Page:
Two defining features of quantum mechanics never appear together

Lisa Zyga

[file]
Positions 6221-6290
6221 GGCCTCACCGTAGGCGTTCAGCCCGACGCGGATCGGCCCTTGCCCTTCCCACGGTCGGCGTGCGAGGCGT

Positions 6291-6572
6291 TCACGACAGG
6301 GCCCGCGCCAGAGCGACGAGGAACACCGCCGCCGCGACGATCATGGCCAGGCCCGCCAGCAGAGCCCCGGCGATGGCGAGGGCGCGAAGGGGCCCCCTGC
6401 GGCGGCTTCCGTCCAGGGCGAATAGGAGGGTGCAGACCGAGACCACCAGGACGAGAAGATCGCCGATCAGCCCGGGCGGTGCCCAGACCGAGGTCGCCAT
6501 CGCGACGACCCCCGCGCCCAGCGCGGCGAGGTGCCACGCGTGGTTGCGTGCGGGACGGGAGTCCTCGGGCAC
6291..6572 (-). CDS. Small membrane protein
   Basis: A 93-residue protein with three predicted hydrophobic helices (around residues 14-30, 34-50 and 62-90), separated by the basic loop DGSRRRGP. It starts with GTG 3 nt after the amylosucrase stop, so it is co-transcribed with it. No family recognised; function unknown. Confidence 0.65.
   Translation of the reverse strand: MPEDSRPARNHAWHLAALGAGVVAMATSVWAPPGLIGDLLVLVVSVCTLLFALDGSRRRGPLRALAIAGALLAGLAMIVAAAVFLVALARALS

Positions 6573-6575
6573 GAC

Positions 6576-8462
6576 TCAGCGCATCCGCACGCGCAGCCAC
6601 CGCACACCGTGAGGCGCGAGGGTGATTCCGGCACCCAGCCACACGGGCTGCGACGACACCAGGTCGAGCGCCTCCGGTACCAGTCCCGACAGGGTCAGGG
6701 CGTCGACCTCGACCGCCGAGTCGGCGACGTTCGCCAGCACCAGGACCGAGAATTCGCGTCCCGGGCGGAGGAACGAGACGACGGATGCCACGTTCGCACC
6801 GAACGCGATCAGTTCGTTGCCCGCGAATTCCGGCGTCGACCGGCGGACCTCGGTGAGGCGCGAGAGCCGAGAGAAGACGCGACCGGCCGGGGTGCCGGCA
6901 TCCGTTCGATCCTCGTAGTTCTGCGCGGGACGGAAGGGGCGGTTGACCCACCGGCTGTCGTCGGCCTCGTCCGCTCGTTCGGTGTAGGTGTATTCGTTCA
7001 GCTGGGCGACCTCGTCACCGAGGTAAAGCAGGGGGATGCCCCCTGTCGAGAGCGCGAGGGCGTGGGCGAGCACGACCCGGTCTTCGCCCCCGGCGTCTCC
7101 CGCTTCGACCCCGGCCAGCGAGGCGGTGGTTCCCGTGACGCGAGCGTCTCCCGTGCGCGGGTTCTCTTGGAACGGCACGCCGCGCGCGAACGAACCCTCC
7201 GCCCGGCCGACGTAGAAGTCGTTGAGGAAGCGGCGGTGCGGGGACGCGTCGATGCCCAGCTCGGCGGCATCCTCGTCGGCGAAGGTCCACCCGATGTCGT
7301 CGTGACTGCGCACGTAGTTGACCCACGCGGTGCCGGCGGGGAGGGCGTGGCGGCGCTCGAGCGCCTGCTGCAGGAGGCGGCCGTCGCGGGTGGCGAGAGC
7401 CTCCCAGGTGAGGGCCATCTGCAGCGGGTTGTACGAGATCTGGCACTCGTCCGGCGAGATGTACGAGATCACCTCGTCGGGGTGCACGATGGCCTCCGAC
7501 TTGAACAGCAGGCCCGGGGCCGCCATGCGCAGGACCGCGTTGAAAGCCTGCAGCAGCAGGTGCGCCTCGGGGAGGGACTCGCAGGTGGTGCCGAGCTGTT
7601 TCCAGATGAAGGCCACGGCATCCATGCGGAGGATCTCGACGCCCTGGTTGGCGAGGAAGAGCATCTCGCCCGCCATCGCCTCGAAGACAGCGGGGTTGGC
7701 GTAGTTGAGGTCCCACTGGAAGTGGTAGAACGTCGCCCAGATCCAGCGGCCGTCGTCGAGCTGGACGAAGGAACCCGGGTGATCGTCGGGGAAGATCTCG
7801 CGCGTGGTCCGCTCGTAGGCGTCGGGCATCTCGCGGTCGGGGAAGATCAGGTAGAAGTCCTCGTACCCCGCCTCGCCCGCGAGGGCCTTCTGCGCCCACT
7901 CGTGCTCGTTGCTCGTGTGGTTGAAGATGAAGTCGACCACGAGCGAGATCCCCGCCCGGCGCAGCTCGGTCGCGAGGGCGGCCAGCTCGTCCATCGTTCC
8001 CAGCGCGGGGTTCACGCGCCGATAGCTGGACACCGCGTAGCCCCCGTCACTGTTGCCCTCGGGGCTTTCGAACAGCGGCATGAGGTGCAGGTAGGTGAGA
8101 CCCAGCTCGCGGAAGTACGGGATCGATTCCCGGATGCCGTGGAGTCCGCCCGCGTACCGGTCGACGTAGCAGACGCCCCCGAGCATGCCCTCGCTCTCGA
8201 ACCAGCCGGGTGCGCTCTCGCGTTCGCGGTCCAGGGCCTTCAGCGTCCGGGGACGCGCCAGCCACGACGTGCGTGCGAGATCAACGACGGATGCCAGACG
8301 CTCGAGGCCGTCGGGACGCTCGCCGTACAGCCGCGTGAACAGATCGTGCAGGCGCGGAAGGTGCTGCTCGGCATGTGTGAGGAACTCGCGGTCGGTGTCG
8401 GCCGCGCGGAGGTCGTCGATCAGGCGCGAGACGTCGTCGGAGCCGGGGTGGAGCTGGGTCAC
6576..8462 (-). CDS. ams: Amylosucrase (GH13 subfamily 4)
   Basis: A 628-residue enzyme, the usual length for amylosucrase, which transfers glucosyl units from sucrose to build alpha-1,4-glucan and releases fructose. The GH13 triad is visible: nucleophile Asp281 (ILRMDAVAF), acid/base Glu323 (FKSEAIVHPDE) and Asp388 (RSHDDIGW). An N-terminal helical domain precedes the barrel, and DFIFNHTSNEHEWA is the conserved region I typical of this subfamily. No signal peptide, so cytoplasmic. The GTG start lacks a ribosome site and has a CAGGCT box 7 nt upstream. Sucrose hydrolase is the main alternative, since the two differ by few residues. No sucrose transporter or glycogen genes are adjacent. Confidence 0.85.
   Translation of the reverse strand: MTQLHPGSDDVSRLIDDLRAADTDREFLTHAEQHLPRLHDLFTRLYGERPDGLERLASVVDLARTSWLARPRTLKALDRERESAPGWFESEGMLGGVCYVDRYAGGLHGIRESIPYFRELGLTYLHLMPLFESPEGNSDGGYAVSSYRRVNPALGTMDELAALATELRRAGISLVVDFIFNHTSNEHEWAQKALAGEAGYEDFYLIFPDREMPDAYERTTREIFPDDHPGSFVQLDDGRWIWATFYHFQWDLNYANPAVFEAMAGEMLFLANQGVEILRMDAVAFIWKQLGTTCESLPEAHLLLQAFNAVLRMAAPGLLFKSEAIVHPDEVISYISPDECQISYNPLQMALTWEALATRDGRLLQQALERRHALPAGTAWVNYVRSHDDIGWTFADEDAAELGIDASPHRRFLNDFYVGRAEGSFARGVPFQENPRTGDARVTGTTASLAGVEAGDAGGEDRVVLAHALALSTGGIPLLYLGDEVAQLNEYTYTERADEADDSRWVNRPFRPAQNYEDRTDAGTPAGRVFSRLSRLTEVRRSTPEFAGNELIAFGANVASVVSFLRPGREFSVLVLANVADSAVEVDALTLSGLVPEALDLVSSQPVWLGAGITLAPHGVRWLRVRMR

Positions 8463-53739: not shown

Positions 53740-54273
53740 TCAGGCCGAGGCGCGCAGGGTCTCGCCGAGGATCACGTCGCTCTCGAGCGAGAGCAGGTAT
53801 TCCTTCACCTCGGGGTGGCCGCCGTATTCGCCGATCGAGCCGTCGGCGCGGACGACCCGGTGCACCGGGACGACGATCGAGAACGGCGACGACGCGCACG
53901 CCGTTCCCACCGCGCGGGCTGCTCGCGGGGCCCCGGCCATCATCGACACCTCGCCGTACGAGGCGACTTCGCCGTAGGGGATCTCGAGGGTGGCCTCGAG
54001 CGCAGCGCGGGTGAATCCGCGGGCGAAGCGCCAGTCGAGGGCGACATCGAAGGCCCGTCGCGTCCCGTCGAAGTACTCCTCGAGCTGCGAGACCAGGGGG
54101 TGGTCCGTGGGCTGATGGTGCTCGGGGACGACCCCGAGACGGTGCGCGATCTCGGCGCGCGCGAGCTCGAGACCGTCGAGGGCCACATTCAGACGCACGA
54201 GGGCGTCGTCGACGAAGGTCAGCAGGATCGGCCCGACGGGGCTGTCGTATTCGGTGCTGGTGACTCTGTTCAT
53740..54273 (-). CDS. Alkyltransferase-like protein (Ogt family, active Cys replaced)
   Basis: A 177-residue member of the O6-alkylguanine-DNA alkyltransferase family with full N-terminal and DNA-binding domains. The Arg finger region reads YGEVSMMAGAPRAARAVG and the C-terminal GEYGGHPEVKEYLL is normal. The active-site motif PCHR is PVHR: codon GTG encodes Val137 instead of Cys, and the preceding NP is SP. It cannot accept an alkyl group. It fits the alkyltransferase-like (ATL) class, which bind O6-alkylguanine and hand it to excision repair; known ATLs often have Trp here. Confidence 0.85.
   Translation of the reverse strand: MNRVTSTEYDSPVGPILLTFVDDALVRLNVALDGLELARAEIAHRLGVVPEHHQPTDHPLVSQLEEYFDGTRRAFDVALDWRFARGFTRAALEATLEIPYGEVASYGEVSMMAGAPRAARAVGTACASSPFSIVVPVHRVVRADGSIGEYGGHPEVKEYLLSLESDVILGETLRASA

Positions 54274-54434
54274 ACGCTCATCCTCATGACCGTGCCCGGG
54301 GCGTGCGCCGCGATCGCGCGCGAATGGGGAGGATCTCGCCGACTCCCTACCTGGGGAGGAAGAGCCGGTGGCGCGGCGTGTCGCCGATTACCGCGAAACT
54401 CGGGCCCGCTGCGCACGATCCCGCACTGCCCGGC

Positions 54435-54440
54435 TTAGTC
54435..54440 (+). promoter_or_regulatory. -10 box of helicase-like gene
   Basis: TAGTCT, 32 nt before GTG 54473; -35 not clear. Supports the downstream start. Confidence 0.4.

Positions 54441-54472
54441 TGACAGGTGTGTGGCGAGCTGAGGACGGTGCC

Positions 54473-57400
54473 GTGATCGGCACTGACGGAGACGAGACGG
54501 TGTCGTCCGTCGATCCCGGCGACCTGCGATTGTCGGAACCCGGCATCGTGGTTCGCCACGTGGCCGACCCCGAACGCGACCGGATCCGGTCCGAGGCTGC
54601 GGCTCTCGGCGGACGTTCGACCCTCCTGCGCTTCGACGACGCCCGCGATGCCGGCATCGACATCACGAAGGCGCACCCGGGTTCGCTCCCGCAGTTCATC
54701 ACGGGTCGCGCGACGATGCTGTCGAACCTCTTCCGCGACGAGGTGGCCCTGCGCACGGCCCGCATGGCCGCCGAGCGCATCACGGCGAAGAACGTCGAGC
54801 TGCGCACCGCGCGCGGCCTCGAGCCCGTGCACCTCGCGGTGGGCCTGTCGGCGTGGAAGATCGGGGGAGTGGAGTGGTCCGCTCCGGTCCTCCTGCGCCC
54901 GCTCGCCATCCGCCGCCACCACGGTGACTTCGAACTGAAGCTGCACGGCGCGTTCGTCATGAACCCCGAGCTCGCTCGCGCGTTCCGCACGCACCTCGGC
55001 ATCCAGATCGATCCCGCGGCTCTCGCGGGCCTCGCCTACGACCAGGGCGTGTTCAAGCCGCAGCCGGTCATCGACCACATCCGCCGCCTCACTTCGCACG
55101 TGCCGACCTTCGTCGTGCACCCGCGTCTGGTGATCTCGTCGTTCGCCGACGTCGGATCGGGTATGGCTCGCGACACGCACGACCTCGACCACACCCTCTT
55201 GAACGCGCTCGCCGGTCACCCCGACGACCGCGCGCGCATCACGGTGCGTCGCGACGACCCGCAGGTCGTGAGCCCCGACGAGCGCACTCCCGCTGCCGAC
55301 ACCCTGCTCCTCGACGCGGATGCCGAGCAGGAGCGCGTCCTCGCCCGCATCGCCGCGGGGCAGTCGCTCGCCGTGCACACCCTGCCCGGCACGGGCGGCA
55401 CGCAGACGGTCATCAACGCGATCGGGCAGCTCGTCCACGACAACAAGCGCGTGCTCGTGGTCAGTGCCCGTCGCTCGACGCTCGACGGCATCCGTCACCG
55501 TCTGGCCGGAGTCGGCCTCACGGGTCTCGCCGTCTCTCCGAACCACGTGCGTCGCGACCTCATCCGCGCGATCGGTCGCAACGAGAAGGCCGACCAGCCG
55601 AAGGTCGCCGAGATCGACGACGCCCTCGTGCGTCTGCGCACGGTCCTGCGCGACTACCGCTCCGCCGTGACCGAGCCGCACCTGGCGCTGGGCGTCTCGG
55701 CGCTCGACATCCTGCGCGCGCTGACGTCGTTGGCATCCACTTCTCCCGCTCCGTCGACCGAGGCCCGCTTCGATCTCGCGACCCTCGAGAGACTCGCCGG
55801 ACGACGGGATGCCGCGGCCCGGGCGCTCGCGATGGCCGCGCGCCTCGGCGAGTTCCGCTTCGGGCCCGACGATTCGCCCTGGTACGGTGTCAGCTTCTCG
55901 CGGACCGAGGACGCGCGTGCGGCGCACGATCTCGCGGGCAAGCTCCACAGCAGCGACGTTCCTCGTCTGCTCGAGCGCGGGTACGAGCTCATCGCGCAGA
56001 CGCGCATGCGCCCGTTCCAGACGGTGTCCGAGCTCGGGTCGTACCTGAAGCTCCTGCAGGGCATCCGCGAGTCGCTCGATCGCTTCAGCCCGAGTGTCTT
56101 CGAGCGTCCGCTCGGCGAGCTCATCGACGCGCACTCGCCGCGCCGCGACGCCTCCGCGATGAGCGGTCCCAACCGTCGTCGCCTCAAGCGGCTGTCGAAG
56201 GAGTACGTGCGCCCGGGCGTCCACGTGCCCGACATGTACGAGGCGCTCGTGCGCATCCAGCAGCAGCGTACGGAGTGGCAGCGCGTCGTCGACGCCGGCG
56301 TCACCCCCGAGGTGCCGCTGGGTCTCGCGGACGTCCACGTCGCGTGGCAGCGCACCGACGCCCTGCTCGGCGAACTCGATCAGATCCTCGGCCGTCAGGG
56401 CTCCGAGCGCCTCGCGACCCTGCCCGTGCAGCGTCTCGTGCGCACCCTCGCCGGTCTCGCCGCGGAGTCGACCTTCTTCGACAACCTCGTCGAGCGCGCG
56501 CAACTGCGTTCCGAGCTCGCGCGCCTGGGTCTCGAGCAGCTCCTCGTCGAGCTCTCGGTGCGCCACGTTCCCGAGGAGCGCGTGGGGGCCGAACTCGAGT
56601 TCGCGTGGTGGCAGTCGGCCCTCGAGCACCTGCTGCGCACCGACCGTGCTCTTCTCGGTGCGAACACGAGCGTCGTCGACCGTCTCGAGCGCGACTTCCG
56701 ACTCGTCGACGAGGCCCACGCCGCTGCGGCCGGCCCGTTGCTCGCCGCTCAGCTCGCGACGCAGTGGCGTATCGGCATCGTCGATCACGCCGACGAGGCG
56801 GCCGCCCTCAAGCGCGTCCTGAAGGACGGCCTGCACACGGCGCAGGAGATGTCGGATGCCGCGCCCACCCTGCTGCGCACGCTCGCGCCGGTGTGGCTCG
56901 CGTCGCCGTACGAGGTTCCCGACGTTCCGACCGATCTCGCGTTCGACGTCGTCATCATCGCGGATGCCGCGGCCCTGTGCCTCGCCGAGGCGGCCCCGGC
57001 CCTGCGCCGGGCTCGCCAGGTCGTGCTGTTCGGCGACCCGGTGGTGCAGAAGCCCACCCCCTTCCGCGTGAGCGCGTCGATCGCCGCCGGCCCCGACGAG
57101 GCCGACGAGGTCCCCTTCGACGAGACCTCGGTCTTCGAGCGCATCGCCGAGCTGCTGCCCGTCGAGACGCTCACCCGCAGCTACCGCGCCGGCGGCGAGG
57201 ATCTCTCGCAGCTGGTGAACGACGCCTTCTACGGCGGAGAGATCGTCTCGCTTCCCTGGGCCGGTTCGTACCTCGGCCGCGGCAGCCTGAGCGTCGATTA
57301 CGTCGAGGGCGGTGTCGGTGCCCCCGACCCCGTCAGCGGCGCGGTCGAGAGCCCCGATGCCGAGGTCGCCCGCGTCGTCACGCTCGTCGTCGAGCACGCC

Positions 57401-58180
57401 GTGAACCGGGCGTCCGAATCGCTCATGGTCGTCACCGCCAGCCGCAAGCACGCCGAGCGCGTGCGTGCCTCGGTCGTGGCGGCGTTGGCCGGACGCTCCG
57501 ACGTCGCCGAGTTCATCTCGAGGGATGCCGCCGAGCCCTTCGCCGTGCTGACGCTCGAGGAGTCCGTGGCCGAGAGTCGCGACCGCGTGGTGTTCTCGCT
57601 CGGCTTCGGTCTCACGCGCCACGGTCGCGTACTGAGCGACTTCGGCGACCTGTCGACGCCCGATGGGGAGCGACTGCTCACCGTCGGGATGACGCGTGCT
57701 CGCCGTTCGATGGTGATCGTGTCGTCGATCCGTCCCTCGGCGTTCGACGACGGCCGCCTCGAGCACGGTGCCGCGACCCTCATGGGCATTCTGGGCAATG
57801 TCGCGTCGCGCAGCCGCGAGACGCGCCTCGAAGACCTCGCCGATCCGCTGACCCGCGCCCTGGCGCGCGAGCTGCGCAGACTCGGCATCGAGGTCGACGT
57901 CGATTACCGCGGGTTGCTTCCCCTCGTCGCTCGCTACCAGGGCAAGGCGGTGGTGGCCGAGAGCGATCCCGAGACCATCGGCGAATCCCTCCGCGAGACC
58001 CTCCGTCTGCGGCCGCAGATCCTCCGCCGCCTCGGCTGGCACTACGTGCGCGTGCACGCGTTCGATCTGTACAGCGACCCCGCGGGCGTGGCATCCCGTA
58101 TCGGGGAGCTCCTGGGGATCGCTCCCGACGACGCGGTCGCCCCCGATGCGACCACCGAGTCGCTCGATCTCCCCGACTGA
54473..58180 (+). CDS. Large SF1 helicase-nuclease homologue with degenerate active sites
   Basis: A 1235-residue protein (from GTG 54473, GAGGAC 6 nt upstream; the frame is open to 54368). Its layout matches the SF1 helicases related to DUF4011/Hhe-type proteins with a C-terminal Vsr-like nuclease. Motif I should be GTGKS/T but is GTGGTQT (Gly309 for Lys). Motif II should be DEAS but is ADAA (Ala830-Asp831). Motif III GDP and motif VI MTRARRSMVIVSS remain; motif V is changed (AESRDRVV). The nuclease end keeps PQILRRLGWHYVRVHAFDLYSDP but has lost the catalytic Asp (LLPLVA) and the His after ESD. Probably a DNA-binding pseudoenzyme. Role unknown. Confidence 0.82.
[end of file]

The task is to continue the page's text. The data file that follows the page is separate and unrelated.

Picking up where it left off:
Representation of measurements that demonstrate the contextuality-nonlocality tradeoff. Previously, physicists have theoretically shown that both of these phenomena cannot simultaneously exist in a quantum system, as they are both just different manifestations of a more fundamental concept, the assumption of realism. To show that a quantum system is nonlocal or contextual, physicists have defined inequalities that assume a system is the opposite (local or noncontextual). By performing various measurements on these photons, the researchers could violate the inequalities separately, but not at the same time. That is, to violate the locality inequality costs entanglement as a resource, while to violate the noncontextuality inequality costs contextuality as a resource.

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